Who were your influencers in terms of other musicians earlier on or now that have made a difference and inspired you?

My dad exposed me to a lot of music early. I was playing a toy guitar while watching a VHS of Stevie Ray Vaughan and Double Trouble live at SXSW on repeat at 4 years old saying I wanted to “do that” when I grew up. I was the only kid in daycare that had his own CDs that weren’t kid’s songs. I was listening to Led Zeppelin, Hendrix, and The Doors when I could barely talk. I would make up songs and sing them into my Panasonic slimline tape recorder and take it to my preschool to show my friends. As I got older went through a bunch of music phases. Metal, grunge, rock, punk, hip hop, reggae, ska, etc. Whatever I heard that I connected to I’d dive in and learn as much as I could about it. I was always in bands and I think I kept picking up different styles along the way and kept combining my different elements and I think that’s evident in Audic’s diverse sound. 

Tell me about Audic Empire and your new release Take Over! Can you share some of the highlights you and the band are most proud of?

Takeover was an interesting one. I basically built that song on keyboard and drum loops and wrote and tracked all my vocals in one long session in my bedroom studio kind of in a stream-of-consciousness type of approach. I kind of thought nothing would come of it and I’d toss it out, but we slowly went back and tracked over everything with instruments and made it our own sound. I got it as far as I could with production and handed it off to Chad Wrong to work his magic and really bring it to life. Once I got Snow Owl Media involved and we started brainstorming about a music video, it quickly turned into a considerably larger production than anything we’ve done before and it was such a cool experience. I’m really excited about the final product, especially considering I initially thought it was a throwaway track.

Describe the music style of Audic Empire for us.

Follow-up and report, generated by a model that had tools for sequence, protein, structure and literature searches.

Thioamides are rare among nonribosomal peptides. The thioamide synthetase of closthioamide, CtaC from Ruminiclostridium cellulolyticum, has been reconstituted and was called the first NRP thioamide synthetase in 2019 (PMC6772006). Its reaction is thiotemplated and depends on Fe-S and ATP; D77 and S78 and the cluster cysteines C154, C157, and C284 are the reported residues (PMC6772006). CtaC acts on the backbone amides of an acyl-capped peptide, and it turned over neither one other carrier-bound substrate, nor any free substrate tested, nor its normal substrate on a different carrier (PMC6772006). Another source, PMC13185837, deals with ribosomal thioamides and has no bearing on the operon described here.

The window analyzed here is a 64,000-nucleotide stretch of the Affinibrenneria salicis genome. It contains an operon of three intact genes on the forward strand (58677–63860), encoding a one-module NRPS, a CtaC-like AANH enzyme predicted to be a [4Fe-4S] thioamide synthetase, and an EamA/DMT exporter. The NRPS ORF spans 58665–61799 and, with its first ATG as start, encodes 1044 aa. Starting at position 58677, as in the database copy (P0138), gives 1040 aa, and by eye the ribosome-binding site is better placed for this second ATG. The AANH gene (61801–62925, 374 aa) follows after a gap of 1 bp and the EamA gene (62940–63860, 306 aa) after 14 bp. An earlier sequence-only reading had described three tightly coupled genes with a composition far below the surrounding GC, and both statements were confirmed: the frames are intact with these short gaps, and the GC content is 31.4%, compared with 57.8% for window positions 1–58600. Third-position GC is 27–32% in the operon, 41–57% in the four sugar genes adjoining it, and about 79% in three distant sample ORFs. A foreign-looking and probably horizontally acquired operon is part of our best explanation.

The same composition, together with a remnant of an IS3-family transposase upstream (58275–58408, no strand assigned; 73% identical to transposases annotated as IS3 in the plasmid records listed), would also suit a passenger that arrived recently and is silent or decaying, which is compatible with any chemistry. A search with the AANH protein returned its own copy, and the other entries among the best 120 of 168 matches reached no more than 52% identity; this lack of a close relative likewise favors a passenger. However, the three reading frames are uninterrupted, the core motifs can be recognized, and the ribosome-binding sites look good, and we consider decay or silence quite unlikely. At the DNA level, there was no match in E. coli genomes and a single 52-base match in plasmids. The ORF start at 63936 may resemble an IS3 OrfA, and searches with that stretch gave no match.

It’s all over the place… we advertise it as “blues, rock, reggae.” Blues because of our lead guitarist, Travis Brown’s playing style, rock because I think at the heart we’re a rock band, and reggae because we flavor everything with a little (or a lot) of reggae or ska. 

How did you find Bergantino Audio Systems?

Well, my Ampeg SVT7 caught fire at a show… We were playing Stubbs in Austin and everyone kept saying they smelled something burning, and I looked back in time to see my head, perched on top of its 8×10 cab, begin billowing smoke. We had a tour coming up, so I started researching and pricing everything to try and find a new amp. I was also fronting a metal band at the time, and my bass player’s dad was a big-time country bass player and said he had this really high-end bass amp just sitting in a closet he’d sell me. I was apprehensive since I really didn’t know much about it and “just a little 4×10” probably wasn’t going to cut it compared to my previous setup. He said I could come over and give it a test drive, but he said he knew I was going to buy it. He was right. I immediately fell in love. I couldn’t believe the power it put out compared to this heavy head and cumbersome cab I had been breaking my back hauling all over the country and up countless staircases.  

Tell us about your experience with the forte D amp and the AE 410 Speaker cabinet.